Novel 'Dual-Grating Assisted Directional Coupler' Developed For Nanophotonics

Jan 30, 2006

A collaborative research project between Innos (UK R&D company) and the universities of Surrey, Southampton and the Politecnico di Bari in Italy has developed a novel method for coupling light from an optical fibre to 200nm thick silicon waveguides in optical communications. The project has demonstrated the highest recorded coupling efficiency of 55%.

"There have been several published methods of achieving an effective coupling in theory, however no grating-based coupler has achieved as high a demonstrated efficiency as the work we have completed with Innos, Southampton University and Politecnico di Bari. It is also one of the best overall published results by any other method to date," says Research Fellow at the Advanced Technology Institute at the University of Surrey, Dr Goran Masanovic.

With the ever-decreasing size of communications devices optical technologies are at nanometre scale. The control and manipulation of light at this size (nanophotonics) can affect polarisation, loss and coupling issues. One of the key issues to be solved in nanophotonics is the coupling of light between an optical fibre and a semiconductor waveguide. Due to the difference in thicknesses and refractive indices between the two structures a direct coupling currently results in a loss as high as 20dB.

Coupling further becomes a problem as optic fibres typically have a core dimension of 9µm and the dimensions of silicon devices are often reduced to improve packing density and improve the performance of the photonic circuit. This often results in cross-sectional dimensions of silicon-based waveguides of ~1µm or less.

Commenting on the project, Sales and Marketing Director from Innos, Dr Alec Reader stated, "Advances such as fast silicon modulators and silicon lasers in silicon photonics has sparked interest recently not only from academia but from world-leading companies as devices are reduced in size. Coupling is just one roadblock to producing smaller devices, and we are pleased to have helped produce such an impressive proven result. We are expecting to work with the University of Surrey again on future European and EPSRC-funded projects."

Source: University of Surrey

Explore further: Researchers enhance nonlinear effects of optical metasurfaces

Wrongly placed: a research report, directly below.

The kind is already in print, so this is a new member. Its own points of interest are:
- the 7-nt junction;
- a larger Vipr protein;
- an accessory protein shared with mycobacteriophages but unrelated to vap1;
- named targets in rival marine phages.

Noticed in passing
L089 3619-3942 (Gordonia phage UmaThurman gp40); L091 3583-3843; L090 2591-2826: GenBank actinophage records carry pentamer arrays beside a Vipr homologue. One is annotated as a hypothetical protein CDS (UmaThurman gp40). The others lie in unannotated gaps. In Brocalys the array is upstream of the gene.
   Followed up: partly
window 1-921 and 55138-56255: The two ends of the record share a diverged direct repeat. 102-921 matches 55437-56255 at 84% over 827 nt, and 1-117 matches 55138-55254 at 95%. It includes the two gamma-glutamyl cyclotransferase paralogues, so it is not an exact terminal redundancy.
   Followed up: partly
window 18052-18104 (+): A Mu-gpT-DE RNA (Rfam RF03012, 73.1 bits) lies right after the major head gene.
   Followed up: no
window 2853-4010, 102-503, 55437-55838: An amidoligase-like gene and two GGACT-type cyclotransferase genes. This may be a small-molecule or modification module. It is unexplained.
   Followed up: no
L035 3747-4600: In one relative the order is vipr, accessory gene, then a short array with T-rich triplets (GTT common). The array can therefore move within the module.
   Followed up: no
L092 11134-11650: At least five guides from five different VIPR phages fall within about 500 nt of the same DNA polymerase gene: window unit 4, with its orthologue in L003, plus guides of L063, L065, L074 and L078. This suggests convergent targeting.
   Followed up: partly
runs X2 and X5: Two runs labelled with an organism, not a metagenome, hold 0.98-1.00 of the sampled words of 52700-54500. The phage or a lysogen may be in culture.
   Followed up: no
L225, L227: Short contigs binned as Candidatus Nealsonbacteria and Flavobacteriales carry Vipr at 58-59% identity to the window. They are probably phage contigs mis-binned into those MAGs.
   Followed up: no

Related Stories

Dinosaur-times cockroach caught in amber, from Myanmar

8 hours ago

Geologica Carpathica has a paper on a new family of predatory cockroaches. Predatory? The authors, Peter Vrsansky and Günter Bechly, from the Slovak Republic and Germany, respectively, said that "unique adapta ...

Comcast must show what's next after collapse of deal

8 hours ago

Comcast, which reports financial results on Monday, faces some tough questions about what's next for the country's biggest cable company after its dreams of a far-reaching network collapsed with the death of its $45 billion ...

Japan eyeing 26% greenhouse gas cut: officials

8 hours ago

Japan is planning to pledge a 26 percent cut in its greenhouse gas emissions from 2013 levels, ahead of a global summit on climate change this year, officials said Friday.

Auditors: National Science Foundation suspends UConn grants

8 hours ago

The National Science Foundation has frozen more than $2 million in grants to the University of Connecticut after a foundation investigation found two professors used grant money to buy products from their own company, Connecticut ...

Recommended for you

The trillion-frame-per-second camera

Apr 29, 2015

When a crystal lattice is excited by a laser pulse, waves of jostling atoms can travel through the material at close to one sixth the speed of light, or approximately 28,000 miles/second. Scientists now have ...

New class of tiny chip-based thermometers

Apr 29, 2015

A new class of tiny chip-based thermometers being developed by PML's Sensor Science Division has the potential to revolutionize the way temperature is gauged.

User comments : 0

Please sign in to add a comment. Registration is free, and takes less than a minute. Read more

Click here to reset your password.
Sign in to get notified via email when new comments are made.